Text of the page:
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Gossip is harmful in all organizations, and condo associations are no exception. The spread of rumors and misinformation can cause division, hinder operations, and undermine productivity.

Why Gossip Hurts Communities

Many residents choose to live in a managed community because of the overall sense of belonging that’s cultivated. However, that cheerful environment can fade when there’s discontent and conflict in the neighborhood, including gossip. The following are four ways gossip hurts communities: 

  • It prevents board members from making business decisions. When board members are afraid of how residents will interpret or react to a choice, they’ll struggle to make decisions and progress on goals.
  • It encourages emotional decisions. Gossip-filled communities fuel emotions that can sway board members and diminish their ability to fulfill their fiduciary duty.
  • It creates confusion and unrest. Rumors obscure facts and make it difficult to objectively lead a community.
  • It wastes time. Constantly addressing gossip and correcting misinformation takes time away from discussing more pressing matters.

Six Ways to Keep Your Community Gossip-Free

Gossip can wreak havoc on a community. To prevent gossip and maintain peace throughout the neighborhood, equip your board with these six tips:


All residents are required to read a set of governing documents upon moving into a neighborhood with a condo association. These documents are legally binding, and homeowners must adhere to the terms within. Gossip and harassment are topics that can and should be addressed in these documents. While residents have a right to complain and have discussions, condo associations can use this as an opportunity to state unacceptable behavior, define intolerable actions, and explain consequences, so expectations are understood up front. As always, consult an attorney if assistance is needed with drafting, revising, or interpreting governing documents.


Effective communication may be the single most important tool available to a board trying to foster a happy and cooperative spirit within an association. Boards should communicate with residents clearly and regularly through various channels to promote transparency, build trust, and prevent misunderstandings. When delivering a message, use simple language, keep it short, and stick to the facts. It’s easy for people to misinterpret a poorly delivered note, leading to frustration, rumors, and general contention.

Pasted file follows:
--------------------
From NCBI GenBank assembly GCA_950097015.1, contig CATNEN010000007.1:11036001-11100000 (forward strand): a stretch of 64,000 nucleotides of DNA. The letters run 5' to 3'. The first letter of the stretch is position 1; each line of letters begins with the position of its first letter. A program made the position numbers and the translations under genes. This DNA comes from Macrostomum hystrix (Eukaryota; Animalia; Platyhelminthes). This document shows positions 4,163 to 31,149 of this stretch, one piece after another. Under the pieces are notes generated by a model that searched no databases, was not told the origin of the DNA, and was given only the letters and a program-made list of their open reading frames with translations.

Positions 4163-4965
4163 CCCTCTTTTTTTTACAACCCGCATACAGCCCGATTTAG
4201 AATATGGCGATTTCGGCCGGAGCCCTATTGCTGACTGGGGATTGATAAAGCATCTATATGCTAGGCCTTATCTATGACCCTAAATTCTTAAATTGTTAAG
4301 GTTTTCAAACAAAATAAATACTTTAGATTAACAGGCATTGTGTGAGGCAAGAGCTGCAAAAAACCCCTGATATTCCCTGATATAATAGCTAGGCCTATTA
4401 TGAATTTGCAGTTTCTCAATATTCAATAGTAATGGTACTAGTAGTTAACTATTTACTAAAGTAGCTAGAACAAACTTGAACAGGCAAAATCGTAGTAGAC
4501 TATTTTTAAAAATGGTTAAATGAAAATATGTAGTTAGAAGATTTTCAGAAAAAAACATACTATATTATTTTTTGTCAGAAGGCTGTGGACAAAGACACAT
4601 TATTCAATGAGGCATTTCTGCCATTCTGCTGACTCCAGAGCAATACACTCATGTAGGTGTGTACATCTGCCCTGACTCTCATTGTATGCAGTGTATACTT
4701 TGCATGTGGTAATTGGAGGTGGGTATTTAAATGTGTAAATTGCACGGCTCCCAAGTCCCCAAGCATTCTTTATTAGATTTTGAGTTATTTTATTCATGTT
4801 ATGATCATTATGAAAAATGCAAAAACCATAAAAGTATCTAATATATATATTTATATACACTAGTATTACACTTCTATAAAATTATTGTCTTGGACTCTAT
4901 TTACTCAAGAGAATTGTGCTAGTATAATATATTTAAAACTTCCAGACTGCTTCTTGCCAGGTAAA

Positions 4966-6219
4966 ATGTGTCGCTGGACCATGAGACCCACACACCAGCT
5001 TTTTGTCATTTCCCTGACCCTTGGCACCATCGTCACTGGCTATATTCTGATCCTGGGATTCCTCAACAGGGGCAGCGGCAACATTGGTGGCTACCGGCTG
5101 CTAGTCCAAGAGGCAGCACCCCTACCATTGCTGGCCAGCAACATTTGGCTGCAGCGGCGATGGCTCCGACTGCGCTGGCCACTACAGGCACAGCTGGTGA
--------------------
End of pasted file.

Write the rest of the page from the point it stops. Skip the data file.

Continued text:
There’s power in positivity, and the more goodness you share, the better the mood in the air. For example, you can highlight exciting updates, positive news, and random acts of kindness in your community newsletter, bulletin board, or website. You can also show gratitude and thank volunteers and residents for their efforts at a board meeting or appreciation event. When you promote and recognize all the positivity in your community, good energy will spread.


Encourage residents to bring their questions and concerns directly to the board or property management firm instead of asking one another. As the community leaders and experts, board and management team members can typically provide clear and factual answers and successfully resolve concerns. If residents discuss issues and take the fact-finding process into their own hands, it often needlessly creates confusion and instigates rumors.


As elected officials, fellow neighbors expect board members to represent them well. Board members have a fiduciary duty to remain objective, responsible, and reliable and act in the best interest of the association. To demonstrate the fulfillment of these duties and prove their investment in the betterment of the community, board members should be role models and lead by example—committing to a self-imposed no-gossip rule. When board members engage in gossip, it breaks the trust residents should have in the board and makes it difficult to maintain a peaceful and gossip-free neighborhood.


Community gossip shouldn’t be ignored. If it snowballs into a greater issue, it’s necessary that boards act swiftly, take it seriously, and address it professionally. When addressing conflict, board members should:

  • Show empathy. Take a step back from your own emotions and beliefs and try and see the situation from the resident’s perspective before acting.
  • Actively listen. Listen carefully, never interrupt, ask questions, and have a reasonable understanding of an issue before moving on.
  • Remain calm. Keep a good attitude and stay positive.
  • Communicate. Communicate resolutions and action items, leave open lines of communication, and follow up.

The board should present a united front and work together to find a result that’ll help everyone maintain a strong relationship. If the problem persists, consider seeking professional involvement.

By keeping these tips in mind and working to prevent gossip in your neighborhood, you’re fulfilling your duty to the community, showing leadership, and paving the way for a more relaxed and enjoyable atmosphere for the board and residents.

Resolving Community Conflicts

Anyone who’s served on a board knows that sooner or later, conflicts arise. While you can’t always control how these conflicts begin, the board’s response can influence how disputes end. Read our ebook, “The Pocket Guide for Resolving Community Conflicts,” for conflict resolution best practices developed specifically for community associations, and get ready to achieve resolutions with more success and less stress.

This article originally appeared on and was republished with permission. 

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